1. A journey with Benedict XVI through the spirit of constitutionalism / Marta Cartabia and Andrea Simoncini Part I. Law, Reason, and Religion 2. Reality and transcendence: more than a religious issue / Armin von Bogdandy and Sergio Dellavalle 3. Human dignity without God? Reflections on some relevant speeches of Benedict XVI / Rafael Domingo 4. The windows of Benedict XVI: reason, revelation, and law / Wael Farouq 5. The secular state, democracy, and natural law: Benedict XVI's address to the Bundestag from the perspective of legal ethics and democracy theory / Martin Rhonheimer 6. From Regensburg to Berlin holiness and reason: a reflection on Pope Benedict XVI's public lectures / J. H. H. Weiler 7. "To serve right and to fight wrong": why religion, human rights, and human dignity need each other / John Witte, Jr Part II. Fundamental Rights and Freedom of Religion 8. Faith and reason in the Regensburg address / Giuliano Amato 9. Religious freedom in the political speeches of Pope Benedict XVI / Mary Ann Glendon 10. Freedom of religion: the contribution of Benedict XVI to a universal guarantee from a European perspective / Christoph Grabenwarter 11. Benedict's legacy: human rights, human dignity, and the possibility of dialogue / Christopher McCrudden Part III. Democracy in a Society of "Others" 12. Concerning the doctrine of democracy in Benedict XVI / Massimo Luciani 13. Acting contrary to reason is contrary to God's nature / Andrés Ollero 14. A listening heart: where democracy begins / Andrea Pin.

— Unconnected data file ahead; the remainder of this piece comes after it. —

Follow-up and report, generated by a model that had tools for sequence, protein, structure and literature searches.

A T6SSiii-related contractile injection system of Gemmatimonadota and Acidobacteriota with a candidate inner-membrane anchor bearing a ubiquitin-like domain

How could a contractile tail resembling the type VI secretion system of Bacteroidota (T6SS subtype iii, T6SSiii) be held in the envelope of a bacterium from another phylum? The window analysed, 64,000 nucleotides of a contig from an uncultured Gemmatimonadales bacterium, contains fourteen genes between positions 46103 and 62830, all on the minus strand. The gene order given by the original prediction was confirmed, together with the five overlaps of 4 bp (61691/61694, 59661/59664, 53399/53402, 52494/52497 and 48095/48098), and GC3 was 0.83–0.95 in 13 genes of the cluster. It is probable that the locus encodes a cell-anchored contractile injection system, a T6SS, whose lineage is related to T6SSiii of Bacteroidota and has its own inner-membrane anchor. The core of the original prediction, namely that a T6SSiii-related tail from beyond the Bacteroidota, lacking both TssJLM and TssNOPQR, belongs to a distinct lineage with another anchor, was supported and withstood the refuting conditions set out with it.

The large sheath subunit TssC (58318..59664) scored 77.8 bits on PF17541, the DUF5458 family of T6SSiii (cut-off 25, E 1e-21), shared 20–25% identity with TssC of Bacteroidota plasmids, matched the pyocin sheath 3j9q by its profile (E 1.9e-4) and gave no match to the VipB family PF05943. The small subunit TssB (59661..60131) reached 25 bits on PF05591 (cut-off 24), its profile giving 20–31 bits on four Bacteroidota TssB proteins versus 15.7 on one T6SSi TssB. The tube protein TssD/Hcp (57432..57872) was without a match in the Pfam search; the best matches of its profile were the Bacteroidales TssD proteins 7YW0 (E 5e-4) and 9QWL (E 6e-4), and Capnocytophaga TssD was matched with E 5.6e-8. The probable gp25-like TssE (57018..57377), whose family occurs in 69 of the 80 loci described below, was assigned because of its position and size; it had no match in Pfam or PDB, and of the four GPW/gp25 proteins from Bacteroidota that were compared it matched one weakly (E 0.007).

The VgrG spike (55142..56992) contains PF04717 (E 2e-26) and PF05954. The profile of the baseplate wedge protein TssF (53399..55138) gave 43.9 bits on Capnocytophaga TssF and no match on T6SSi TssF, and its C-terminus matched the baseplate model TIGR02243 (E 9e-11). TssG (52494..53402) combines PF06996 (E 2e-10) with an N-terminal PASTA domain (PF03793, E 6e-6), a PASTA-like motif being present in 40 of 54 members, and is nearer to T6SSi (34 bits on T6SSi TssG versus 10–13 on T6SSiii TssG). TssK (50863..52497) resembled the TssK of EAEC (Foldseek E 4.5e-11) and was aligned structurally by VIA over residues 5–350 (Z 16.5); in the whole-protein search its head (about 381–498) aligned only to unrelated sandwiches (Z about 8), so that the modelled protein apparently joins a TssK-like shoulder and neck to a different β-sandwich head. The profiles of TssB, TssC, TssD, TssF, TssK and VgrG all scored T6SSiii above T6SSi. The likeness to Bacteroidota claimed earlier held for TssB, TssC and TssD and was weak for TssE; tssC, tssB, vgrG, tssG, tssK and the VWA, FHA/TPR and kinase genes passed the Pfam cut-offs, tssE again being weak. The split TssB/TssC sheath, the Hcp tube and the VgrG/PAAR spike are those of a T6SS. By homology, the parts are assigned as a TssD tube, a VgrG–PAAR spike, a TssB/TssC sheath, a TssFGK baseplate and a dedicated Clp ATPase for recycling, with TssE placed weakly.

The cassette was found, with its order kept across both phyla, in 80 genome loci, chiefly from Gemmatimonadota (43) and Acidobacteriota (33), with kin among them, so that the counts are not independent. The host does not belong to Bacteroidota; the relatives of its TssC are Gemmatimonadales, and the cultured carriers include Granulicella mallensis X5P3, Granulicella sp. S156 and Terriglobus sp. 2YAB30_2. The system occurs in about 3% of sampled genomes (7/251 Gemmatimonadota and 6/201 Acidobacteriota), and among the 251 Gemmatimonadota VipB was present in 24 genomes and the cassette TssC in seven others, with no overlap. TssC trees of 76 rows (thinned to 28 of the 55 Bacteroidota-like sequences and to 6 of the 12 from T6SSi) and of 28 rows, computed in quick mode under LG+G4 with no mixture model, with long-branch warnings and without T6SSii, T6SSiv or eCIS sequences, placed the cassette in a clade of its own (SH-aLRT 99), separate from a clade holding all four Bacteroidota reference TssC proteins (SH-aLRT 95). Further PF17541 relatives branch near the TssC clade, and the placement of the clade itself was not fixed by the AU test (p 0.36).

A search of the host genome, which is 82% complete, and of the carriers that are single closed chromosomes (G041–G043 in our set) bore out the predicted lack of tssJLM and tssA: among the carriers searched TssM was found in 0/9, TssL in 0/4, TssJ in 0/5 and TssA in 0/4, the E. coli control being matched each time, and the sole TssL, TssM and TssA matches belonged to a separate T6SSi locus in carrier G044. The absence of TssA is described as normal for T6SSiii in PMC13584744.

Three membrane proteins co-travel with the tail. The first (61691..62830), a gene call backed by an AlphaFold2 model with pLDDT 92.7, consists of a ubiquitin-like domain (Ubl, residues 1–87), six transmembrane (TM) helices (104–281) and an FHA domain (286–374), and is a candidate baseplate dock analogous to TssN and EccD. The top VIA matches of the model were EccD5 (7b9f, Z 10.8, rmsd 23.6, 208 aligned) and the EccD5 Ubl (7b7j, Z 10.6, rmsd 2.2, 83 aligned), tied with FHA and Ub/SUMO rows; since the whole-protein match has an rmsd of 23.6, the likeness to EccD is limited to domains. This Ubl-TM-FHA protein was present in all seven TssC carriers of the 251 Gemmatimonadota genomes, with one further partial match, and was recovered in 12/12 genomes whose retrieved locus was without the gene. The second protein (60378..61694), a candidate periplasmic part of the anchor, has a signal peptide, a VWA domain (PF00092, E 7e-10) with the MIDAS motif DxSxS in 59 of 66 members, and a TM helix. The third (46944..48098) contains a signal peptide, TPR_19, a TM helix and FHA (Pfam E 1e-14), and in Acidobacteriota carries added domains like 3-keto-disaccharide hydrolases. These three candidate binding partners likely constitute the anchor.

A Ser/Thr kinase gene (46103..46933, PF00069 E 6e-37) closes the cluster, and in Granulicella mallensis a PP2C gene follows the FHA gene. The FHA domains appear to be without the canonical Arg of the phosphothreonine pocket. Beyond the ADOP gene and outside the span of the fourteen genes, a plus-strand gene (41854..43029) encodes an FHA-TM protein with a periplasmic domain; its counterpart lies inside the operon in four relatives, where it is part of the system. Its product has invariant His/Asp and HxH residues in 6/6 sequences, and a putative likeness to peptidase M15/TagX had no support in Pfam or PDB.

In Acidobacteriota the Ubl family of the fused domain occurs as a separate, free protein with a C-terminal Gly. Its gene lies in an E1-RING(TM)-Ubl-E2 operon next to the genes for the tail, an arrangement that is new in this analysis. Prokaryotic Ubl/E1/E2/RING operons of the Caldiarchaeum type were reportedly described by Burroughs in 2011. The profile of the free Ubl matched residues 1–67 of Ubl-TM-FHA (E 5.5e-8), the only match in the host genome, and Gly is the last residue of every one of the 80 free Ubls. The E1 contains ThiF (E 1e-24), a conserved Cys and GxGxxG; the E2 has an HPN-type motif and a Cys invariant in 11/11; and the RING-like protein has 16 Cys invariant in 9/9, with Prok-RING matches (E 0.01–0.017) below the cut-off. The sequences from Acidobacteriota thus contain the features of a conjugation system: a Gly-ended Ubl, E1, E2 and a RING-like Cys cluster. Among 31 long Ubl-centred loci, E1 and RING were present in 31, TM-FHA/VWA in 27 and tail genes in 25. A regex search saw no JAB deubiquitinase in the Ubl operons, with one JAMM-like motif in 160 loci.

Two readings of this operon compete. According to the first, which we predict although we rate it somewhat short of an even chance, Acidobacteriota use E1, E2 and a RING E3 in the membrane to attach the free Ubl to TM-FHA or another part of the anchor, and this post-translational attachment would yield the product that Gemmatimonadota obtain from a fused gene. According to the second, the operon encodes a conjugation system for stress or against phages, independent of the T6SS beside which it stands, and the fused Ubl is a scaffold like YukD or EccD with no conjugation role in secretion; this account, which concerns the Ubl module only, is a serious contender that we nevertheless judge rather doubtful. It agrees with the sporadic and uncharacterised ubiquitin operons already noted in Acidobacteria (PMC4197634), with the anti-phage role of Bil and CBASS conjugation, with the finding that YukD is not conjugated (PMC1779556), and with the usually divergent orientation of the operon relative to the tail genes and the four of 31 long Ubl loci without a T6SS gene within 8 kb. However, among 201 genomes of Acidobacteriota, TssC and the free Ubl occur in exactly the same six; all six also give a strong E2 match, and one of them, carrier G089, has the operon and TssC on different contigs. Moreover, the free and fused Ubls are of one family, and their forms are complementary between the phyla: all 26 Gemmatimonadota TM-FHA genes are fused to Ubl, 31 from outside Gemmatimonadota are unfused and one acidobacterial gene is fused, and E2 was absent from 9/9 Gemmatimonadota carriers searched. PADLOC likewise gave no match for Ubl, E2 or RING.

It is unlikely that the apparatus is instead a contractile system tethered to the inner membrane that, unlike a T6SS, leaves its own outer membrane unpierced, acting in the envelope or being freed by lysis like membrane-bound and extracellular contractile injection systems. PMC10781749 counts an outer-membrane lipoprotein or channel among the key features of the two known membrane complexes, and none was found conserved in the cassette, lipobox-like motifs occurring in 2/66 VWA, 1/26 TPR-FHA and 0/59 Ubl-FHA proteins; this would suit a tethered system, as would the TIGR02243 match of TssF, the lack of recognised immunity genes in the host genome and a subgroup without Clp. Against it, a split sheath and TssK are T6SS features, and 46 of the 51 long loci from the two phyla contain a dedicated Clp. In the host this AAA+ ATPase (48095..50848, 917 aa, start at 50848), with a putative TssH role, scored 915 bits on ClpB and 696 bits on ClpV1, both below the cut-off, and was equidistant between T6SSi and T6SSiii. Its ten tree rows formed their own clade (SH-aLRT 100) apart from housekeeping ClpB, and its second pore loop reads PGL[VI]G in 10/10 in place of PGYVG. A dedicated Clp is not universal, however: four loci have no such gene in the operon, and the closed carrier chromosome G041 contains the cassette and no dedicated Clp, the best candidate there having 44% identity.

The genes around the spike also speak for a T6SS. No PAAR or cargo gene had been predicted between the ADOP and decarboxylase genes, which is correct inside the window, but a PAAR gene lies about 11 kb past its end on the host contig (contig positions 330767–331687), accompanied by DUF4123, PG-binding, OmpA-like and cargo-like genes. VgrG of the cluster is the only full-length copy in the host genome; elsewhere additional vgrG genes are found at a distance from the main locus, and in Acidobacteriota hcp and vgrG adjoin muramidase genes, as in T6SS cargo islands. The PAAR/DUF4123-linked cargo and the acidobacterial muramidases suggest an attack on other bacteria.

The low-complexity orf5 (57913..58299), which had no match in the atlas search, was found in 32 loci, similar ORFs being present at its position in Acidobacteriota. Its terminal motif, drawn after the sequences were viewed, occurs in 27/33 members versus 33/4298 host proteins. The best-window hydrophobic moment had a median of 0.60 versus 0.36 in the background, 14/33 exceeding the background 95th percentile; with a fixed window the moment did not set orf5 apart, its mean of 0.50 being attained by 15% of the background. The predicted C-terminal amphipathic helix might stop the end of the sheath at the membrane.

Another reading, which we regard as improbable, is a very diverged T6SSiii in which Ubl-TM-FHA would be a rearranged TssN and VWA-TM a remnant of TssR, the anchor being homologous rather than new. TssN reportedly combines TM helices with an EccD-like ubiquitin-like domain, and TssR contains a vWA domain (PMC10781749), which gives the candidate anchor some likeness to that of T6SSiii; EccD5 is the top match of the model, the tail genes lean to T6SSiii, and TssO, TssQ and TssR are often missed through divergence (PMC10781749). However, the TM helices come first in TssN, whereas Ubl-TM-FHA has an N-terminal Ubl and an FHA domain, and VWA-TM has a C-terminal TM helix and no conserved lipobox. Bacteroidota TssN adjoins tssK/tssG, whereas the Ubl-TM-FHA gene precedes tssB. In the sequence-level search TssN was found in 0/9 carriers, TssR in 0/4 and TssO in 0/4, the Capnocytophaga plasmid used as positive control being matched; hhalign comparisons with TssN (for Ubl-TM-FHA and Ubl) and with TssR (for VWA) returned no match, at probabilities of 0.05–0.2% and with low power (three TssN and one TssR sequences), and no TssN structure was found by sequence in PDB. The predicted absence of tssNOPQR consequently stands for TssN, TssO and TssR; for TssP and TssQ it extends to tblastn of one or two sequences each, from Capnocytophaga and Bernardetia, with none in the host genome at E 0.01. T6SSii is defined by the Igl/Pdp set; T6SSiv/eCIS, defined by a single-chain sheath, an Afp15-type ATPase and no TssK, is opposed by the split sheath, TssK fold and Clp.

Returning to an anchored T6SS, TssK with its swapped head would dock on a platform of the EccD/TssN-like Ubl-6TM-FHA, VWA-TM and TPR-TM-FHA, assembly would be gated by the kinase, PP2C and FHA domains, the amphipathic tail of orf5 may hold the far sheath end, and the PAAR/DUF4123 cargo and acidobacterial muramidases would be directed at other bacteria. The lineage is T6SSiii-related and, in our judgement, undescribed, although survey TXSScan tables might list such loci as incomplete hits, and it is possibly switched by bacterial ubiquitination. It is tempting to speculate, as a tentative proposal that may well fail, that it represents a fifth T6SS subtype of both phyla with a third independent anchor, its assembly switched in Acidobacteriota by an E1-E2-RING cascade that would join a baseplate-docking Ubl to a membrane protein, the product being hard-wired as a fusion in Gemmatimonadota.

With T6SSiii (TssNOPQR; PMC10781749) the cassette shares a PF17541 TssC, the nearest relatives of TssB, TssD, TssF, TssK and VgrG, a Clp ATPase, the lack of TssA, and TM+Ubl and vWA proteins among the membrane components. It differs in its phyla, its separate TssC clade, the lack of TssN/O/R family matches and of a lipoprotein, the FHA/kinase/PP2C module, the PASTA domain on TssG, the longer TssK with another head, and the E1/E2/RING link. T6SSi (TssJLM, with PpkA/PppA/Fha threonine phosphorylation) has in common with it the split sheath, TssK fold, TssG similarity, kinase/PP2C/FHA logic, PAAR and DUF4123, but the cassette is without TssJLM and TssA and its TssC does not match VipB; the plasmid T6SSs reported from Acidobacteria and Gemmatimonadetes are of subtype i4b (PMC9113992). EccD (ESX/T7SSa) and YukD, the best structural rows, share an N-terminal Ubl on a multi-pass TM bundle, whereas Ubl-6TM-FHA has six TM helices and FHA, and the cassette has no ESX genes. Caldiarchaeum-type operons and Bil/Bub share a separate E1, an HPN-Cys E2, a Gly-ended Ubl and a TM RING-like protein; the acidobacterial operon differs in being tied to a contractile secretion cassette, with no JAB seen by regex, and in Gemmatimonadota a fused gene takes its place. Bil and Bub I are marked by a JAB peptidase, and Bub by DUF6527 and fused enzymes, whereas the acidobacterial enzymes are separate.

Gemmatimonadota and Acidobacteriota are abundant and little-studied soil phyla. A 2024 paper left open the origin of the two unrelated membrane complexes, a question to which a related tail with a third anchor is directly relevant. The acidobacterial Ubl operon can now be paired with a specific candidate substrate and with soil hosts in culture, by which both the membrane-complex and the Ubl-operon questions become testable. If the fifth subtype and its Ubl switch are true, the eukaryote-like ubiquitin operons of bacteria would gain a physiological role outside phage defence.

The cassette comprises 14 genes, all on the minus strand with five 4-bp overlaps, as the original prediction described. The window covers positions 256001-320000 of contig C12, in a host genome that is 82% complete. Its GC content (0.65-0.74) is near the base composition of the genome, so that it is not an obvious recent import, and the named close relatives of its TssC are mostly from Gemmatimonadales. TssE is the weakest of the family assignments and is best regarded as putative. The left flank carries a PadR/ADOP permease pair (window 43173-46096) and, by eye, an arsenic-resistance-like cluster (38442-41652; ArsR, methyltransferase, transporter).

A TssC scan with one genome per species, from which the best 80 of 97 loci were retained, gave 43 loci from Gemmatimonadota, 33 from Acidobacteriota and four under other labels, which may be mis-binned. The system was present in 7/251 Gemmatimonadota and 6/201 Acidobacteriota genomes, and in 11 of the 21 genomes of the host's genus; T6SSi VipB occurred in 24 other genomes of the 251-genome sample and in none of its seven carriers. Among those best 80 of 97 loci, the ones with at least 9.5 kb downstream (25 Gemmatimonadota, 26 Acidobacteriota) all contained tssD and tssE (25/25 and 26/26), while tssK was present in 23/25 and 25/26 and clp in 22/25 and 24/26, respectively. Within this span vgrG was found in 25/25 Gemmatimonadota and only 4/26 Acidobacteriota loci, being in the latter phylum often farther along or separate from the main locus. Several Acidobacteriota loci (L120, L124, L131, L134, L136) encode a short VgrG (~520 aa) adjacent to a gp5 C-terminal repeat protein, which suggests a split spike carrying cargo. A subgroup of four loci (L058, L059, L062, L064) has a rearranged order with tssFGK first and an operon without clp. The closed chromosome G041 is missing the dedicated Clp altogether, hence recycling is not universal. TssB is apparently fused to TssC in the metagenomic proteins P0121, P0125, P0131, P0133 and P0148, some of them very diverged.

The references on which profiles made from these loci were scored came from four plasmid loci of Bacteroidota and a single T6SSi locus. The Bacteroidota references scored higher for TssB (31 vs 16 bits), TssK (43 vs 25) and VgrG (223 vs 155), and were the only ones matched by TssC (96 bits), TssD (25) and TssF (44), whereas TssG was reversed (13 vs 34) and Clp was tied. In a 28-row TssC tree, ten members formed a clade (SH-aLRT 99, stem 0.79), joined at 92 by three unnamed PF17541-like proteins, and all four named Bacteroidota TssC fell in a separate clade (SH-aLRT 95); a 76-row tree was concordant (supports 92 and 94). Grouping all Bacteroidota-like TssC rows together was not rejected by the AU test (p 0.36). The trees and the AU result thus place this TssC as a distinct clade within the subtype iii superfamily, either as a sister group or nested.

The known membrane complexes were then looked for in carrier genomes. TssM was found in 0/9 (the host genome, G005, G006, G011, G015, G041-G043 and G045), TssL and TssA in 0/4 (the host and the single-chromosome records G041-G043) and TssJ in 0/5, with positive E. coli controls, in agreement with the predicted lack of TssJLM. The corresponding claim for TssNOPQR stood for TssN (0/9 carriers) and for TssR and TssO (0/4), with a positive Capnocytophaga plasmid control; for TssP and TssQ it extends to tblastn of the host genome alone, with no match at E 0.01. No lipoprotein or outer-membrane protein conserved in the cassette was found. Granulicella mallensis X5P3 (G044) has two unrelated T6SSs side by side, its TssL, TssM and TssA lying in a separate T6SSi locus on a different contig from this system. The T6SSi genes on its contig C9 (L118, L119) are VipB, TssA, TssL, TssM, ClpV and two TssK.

"Throughout Pope Emeritus Benedict XVI's pontificate he spoke to a range of political, civil, academic, and other cultural authorities. These speeches reveal a striking sensitivity to the fundamental problems of law, justice, and democracy. He often presented a call for Christians to address issues of public ethics such as life, death, and family from what they have in common with other fellow citizens: reason. This book discusses the speeches in which the Pope Emeritus reflected most explicitly on this issue, along with commentary from distinguished legal scholars. It responds to Benedict's invitation to engage in public discussion on the limits of positivist reason in the domain of law from his address to the Bundestag. Although the topics of each address vary, they are joined by a series of core ideas whereby Benedict sketches, unpacks, and develops an organic and coherent way to formulate a 'public teaching' on justice and law"-- Provided by publisher.
Bibliography, etc. Note
Includes bibliographical references and index.